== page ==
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tasteful political humour is not what CH is famous for.

(And it's not "The film that embraces the Muslim world:"
it's "The film that sets the Muslim world on fire")

The "fesses" line is of course a reference to Brigitte Bardot in J-L Godard's film Le Mépris

(about 3 minutes in, if you're impatient)

I find the reference funny on a couple of levels.

A number of CH articles on the theme of religion are available on line.


It is rightly acknowledged that people of faith have no monopoly of virtue - Queen Elizabeth II

by eurogreen on Mon Jan 7th, 2013 at 10:51:00 AM EST
[ Parent ]
There's also a fart joke: Mohammed, a star is born.

I seriously don't understand what purpose is advanced by rallying in defence of titty and ass and fart jokes about Mohamed (or anyone).

I distribute. You re-distribute. He gives your hard-earned money to lazy scroungers. -- JakeS

by Carrie (migeru at eurotrib dot com) on Mon Jan 7th, 2013 at 11:04:15 AM EST
[ Parent ]
no, the comic book does not contain stuff like that. It's a straightforward illustrated biography. Once you get over Charb's rather ugly style (his characters all look much the same, except when he's drawing political figures who have to be recognizable), the usual comic-book mechanisms come into play, you like the hero, you learn about his life and formative influences, it's difficult to read through it and not come out with a positive opinion of Mohamed the man (it covers his early life, before he declared himself the Prophet).

The comic effects come mostly from the miraculous folklore which is recounted and illustrated (Mo's parents were perpetually bathed in a luminous glow; when Mo crossed the desert on his camel, he was always accompanied by a cloud which protected him from the sun; and so on). But in modern times, probably only the mentally-retarded actually literally believe that sort of stuff, so I see no harm, from a religious point of view, in making fun of it.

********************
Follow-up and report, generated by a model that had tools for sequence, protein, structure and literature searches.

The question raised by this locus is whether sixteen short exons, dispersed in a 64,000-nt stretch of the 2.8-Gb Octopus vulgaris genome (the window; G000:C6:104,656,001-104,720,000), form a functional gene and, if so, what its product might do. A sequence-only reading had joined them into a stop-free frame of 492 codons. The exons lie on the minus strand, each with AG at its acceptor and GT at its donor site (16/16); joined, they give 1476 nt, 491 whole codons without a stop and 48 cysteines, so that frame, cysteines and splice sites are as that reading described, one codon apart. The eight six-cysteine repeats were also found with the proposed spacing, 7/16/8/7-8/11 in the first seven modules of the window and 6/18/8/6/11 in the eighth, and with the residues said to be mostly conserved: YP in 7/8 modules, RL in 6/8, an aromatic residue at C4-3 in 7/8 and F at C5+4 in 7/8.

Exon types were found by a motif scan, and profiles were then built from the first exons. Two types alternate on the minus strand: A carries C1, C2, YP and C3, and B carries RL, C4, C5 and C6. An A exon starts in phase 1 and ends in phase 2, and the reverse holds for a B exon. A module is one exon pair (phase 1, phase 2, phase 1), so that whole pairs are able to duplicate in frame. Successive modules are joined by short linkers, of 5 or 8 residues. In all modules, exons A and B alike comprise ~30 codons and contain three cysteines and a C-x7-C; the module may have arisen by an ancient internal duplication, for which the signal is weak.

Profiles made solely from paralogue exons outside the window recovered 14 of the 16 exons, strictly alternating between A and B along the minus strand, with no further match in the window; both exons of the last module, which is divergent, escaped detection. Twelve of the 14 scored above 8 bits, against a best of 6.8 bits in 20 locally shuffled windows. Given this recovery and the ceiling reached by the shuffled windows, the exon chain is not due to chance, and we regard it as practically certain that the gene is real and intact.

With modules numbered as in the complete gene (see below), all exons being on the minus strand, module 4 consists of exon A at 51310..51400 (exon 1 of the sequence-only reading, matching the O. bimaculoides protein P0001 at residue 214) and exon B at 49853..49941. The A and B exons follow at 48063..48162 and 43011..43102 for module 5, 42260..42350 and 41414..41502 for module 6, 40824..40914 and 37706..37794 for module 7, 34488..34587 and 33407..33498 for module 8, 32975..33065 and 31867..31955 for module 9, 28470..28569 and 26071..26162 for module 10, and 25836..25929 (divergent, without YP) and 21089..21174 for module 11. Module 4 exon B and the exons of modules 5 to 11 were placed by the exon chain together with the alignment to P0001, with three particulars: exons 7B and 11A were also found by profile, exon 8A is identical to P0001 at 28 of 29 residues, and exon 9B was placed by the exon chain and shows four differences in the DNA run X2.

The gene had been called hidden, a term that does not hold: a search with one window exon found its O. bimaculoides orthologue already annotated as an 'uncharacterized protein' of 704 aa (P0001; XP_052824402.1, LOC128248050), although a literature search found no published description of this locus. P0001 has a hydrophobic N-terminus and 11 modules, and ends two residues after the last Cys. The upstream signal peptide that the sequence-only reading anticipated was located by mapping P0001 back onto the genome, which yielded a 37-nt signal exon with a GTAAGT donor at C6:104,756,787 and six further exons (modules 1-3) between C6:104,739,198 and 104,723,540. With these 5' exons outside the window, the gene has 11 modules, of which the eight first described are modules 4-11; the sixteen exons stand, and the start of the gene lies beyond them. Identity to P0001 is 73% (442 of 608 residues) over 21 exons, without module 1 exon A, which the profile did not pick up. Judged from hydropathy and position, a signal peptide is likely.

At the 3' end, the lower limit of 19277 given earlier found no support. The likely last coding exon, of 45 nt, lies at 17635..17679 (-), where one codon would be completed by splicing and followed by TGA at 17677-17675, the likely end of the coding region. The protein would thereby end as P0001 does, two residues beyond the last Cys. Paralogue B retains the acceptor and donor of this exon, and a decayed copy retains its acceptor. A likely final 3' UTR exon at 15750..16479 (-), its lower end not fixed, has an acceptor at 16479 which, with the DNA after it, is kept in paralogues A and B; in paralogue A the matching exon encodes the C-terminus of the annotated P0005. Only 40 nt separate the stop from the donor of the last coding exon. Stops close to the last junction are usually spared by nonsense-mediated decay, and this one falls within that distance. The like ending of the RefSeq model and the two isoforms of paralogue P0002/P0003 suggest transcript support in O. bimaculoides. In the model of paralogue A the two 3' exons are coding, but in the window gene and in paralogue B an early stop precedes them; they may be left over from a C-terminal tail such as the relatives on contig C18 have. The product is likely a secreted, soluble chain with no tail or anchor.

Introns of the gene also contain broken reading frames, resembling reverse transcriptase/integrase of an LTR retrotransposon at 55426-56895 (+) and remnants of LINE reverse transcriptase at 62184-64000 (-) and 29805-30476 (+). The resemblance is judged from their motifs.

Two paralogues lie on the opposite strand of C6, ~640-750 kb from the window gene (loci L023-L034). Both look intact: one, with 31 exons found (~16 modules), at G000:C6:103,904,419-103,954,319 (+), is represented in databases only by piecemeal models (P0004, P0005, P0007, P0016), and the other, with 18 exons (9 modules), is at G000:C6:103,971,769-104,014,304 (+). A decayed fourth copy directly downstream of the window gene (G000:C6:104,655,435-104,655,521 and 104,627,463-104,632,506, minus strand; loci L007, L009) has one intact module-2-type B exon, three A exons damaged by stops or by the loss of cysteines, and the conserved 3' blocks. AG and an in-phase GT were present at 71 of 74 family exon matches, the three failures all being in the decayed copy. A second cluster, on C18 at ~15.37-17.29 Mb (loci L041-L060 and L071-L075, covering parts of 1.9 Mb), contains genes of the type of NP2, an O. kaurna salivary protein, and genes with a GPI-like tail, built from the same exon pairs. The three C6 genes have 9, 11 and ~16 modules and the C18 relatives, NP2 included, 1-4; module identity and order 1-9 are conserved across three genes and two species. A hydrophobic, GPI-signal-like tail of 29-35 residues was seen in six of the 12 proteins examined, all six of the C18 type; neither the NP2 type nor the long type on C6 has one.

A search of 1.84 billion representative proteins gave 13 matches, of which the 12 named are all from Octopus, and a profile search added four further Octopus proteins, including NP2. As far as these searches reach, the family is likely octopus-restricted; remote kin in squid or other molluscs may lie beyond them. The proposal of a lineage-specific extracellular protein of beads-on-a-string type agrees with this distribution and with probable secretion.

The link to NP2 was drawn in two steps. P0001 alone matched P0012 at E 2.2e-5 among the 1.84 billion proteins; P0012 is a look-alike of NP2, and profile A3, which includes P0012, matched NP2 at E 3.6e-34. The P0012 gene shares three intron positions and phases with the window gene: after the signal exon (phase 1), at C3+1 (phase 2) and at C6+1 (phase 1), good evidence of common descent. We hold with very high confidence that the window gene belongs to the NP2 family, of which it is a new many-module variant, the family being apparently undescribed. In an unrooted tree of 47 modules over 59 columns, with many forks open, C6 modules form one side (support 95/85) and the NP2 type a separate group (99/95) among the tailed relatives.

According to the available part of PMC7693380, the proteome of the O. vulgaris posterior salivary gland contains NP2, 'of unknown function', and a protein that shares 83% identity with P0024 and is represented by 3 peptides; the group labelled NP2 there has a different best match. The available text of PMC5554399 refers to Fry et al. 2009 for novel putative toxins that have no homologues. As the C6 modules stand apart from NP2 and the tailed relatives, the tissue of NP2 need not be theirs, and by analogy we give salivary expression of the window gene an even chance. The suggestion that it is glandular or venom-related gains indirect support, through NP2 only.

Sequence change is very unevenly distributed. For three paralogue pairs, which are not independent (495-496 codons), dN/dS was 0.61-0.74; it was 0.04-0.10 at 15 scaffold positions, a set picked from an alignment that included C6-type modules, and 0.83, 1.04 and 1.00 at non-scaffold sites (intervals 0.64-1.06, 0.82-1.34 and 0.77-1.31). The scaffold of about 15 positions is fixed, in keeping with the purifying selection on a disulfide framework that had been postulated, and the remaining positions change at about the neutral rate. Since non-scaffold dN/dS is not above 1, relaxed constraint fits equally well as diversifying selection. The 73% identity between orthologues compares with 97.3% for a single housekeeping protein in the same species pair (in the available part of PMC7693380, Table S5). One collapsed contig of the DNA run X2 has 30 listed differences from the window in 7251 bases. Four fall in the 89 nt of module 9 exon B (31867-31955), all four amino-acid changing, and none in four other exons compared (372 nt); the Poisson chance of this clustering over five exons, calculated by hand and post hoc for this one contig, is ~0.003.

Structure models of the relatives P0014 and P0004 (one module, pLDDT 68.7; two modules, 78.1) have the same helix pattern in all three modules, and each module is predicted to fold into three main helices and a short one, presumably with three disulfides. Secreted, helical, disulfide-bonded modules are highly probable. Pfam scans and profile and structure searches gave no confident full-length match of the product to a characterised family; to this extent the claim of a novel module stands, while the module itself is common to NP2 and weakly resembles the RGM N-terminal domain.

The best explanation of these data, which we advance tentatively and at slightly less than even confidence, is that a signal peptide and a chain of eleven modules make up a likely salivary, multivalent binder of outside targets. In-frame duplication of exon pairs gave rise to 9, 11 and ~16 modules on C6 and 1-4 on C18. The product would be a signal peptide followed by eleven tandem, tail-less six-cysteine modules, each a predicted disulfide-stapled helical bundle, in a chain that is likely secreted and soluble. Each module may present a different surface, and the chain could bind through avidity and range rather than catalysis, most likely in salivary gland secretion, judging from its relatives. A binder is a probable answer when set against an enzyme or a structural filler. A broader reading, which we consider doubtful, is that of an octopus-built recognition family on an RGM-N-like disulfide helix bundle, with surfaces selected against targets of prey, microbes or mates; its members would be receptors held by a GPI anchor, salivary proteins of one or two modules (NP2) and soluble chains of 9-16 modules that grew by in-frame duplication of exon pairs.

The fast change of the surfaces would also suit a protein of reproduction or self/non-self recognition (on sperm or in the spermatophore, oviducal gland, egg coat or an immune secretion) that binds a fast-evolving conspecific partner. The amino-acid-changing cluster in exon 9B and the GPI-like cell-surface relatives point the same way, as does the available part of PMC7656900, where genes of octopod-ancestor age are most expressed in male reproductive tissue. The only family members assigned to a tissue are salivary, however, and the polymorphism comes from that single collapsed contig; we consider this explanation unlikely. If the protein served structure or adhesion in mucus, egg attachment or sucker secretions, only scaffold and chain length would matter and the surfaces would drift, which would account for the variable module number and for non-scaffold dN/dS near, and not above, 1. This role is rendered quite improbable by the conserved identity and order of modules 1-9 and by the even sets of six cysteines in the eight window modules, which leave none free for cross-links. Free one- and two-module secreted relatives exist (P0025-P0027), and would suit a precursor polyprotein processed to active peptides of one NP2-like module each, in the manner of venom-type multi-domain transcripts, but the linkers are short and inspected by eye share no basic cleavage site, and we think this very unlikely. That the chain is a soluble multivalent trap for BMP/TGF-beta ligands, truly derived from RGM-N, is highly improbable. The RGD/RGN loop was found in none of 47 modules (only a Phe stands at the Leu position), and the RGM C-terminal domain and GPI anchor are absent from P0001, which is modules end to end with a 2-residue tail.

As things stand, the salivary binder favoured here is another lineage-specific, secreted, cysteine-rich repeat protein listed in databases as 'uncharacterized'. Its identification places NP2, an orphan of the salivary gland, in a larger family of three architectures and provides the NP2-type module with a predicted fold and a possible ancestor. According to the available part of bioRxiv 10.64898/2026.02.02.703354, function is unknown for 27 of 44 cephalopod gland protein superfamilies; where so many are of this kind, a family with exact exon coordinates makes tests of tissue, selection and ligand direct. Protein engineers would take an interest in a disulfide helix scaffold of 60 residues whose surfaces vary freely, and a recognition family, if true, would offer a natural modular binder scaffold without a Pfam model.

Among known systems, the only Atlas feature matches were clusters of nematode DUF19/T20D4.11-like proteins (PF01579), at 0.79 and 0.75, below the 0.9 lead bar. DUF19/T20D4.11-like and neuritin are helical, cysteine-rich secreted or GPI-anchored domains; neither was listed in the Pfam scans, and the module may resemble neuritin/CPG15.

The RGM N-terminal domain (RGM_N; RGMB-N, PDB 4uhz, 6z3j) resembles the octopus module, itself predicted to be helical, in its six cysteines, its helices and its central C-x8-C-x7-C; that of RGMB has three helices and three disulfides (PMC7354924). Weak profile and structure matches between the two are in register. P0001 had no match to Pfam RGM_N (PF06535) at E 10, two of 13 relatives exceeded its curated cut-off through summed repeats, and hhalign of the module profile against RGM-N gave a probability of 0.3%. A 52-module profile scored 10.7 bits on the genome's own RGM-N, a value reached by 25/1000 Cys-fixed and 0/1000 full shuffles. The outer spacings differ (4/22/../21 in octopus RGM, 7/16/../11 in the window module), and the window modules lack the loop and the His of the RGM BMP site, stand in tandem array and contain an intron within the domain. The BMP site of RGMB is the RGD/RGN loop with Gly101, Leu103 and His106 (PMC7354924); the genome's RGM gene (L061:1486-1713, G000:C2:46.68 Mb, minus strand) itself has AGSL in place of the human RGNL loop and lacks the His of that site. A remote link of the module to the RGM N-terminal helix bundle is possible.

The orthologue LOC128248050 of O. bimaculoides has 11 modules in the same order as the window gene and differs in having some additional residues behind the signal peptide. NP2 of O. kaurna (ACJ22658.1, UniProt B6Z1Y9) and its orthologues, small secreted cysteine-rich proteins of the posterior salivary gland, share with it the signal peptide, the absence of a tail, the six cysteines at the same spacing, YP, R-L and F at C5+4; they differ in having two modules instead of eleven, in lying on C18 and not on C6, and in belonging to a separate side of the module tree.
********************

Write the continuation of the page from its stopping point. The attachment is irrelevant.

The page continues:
Whether the reader concludes that the comic is hostile towards Islam or towards Muslims is entirely subjective, of course (objectively, that would be hard to demonstrate, since it covers Mo's pre-Islamic period). I think not.

It is rightly acknowledged that people of faith have no monopoly of virtue - Queen Elizabeth II

by eurogreen on Mon Jan 7th, 2013 at 11:23:09 AM EST
[ Parent ]
especially knowing that the people who don't like that are a persecuted minority, yes.
If someone made those jokes about the shareholders of Northrop Grumman reacting to the news of children in Pakistan, I'd forget my humanitarian scruples for a moment. But bey, I guess targeting that lot isn't progressive enough.  
by Katrin on Mon Jan 7th, 2013 at 11:28:30 AM EST
[ Parent ]
You rally to the defense of free speech, not crudity. Polite speech, of course, needs no defense. It might be kinda subtle, this point.

See the ACLU.org page for arguments.

Align culture with our nature. Ot else!

by ormondotvos (ormond.otvosnospamgmialcon) on Sat Jan 12th, 2013 at 11:09:41 PM EST
[ Parent ]
Polite speech, of course, needs no defense.

And in that you're wrong. Censorship censors ideas. If you express your ideas crudely you allow the censors the easy wae out of censoring you for obscenity or lack of decorum.

I distribute. You re-distribute. He gives your hard-earned money to lazy scroungers. -- JakeS

by Carrie (migeru at eurotrib dot com) on Sun Jan 13th, 2013 at 05:11:13 AM EST
[ Parent ]

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